The Ferrari race team that dominates Formula 1 racing puts a shroud of secrecy around many of the key components in its red racers. But it's shedding a little light on one component of next year's entry—a data logging system.
While it's not highly publicized or understood, the recording device is a crucial component. "It's not possible to make a Formula 1 car run without a data logger. If it isn't working, the car cannot run," says Roberto Dalla, department head for electronics at Ferrari Gestione Sportiva in Modena, Italy (http://rbi.ca/3849-530).
That unit is constantly monitoring every aspect of the vehicle. "In our Formula 1 car, there are about 150 physical sensors and 500 to 600 logical information points," Dalla says. That number went up dramatically a few years ago and continues increasing by about 10 percent per year, he adds. The data logger handles plenty of bits in a lap time of 90 seconds or so. "We're sampling this data at a high rate, 1,000 times per second. Every lap, we're storing around 2 Mbytes of data," Dalla says.
Remaining at the forefront requires constant evolution, which drove Ferrari to update its data logger. The company began working with Infineon Technologies in Munich, Germany, in May, 2003. "We're in prototype status, planning to get into the car by the middle of the year," says Andreas Pechlaner, Head of Motorsport Electronics at Infineon (http://rbi.ims.ca/3849-529). The data logger will then be tested for about six months before it makes its debut on the racing circuit next year.
Two years ago, speed and directional telemetry systems could analyze data, then engineers in the garage could use bi-directional telemetry to tweak the electronic setups out on the car. Rulemakers became concerned that this could evolve to the point where engineers were largely driving the car from the garage, while the driver did little more than steer. "The regulations changed last year, and now we can only transfer data from the car to the garage," Dalla says.
Today, the steering wheel is full of rotary switches and buttons that the driver adjusts (see sidebar). Some times the driver will decide to make changes, other times engineers communicating by a radio link will tell the driver which adjustments to make.
This responsibility puts much more pressure on drivers, who need to be pushing buttons and switches while driving at 300 km per hour (186 mph) in race traffic. "We're looking at ways to give more possibilities to the driver to make changes without using his hands, which he needs to turn the steering wheel," Dalla says. Voice recognition is one of the techniques currently being tested.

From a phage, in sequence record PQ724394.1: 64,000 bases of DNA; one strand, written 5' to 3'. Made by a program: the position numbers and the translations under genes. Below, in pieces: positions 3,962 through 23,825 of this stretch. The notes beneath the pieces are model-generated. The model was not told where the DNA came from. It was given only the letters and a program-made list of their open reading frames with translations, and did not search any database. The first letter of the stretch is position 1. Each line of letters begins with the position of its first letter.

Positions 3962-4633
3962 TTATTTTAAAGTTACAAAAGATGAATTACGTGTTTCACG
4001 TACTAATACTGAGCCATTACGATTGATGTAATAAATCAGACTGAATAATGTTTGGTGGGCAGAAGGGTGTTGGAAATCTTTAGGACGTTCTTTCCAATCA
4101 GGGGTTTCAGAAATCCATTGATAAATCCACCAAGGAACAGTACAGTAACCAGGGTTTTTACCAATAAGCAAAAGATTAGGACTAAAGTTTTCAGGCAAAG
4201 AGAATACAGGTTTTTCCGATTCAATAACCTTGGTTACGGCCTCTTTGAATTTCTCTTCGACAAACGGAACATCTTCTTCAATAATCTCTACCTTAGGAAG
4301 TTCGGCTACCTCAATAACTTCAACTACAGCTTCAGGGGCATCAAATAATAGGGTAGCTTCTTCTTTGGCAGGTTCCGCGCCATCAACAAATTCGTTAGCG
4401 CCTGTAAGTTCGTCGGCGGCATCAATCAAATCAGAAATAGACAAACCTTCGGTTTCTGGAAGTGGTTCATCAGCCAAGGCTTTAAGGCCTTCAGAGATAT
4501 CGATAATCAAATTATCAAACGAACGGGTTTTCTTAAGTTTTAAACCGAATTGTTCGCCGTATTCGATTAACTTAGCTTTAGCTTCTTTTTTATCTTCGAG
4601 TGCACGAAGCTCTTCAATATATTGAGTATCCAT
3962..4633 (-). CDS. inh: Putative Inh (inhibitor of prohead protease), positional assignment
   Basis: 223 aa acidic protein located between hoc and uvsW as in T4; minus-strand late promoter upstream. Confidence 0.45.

Information from the data logger is sent over a proprietary link using "home-made encryption" to ensure no one else can use it. Not that it would really matter much. "The data »being transferred in real time is valid only for a specific moment. No one could really understand much about it," Dalla says.
Two ways to go
During the race, there are two types of analysis. "One is in real time while the car is running. There's a radio connection between the data logger and the garage," Dalla says. In the garage, there are a number of computers used by engineers during the race. The other type of analysis comes after the race. Then any problems that popped up can be analyzed and fixed. "Some of this analysis can't be done in real time," Dalla says.
Making data available at the factory makes it easier for design work for the racer.
For both Infineon and Ferrari, the leading edge facets of Formula 1 vehicle design provide some input for the engineers who design commercial products. But there's an emphasis on that word "some." While Ferrari makes some of the basic information from these vehicles available to the designers of its commercial vehicles, specific data is kept secret.
At Infineon, the racecars provide a testing ground for the latest chips coming out of corporate research labs. "From the microcontroller side, the chips are not yet on the market, and the tools aren't error free today. We're getting feedback on the chips and tools like the compiler and debugger," Pechlaner says.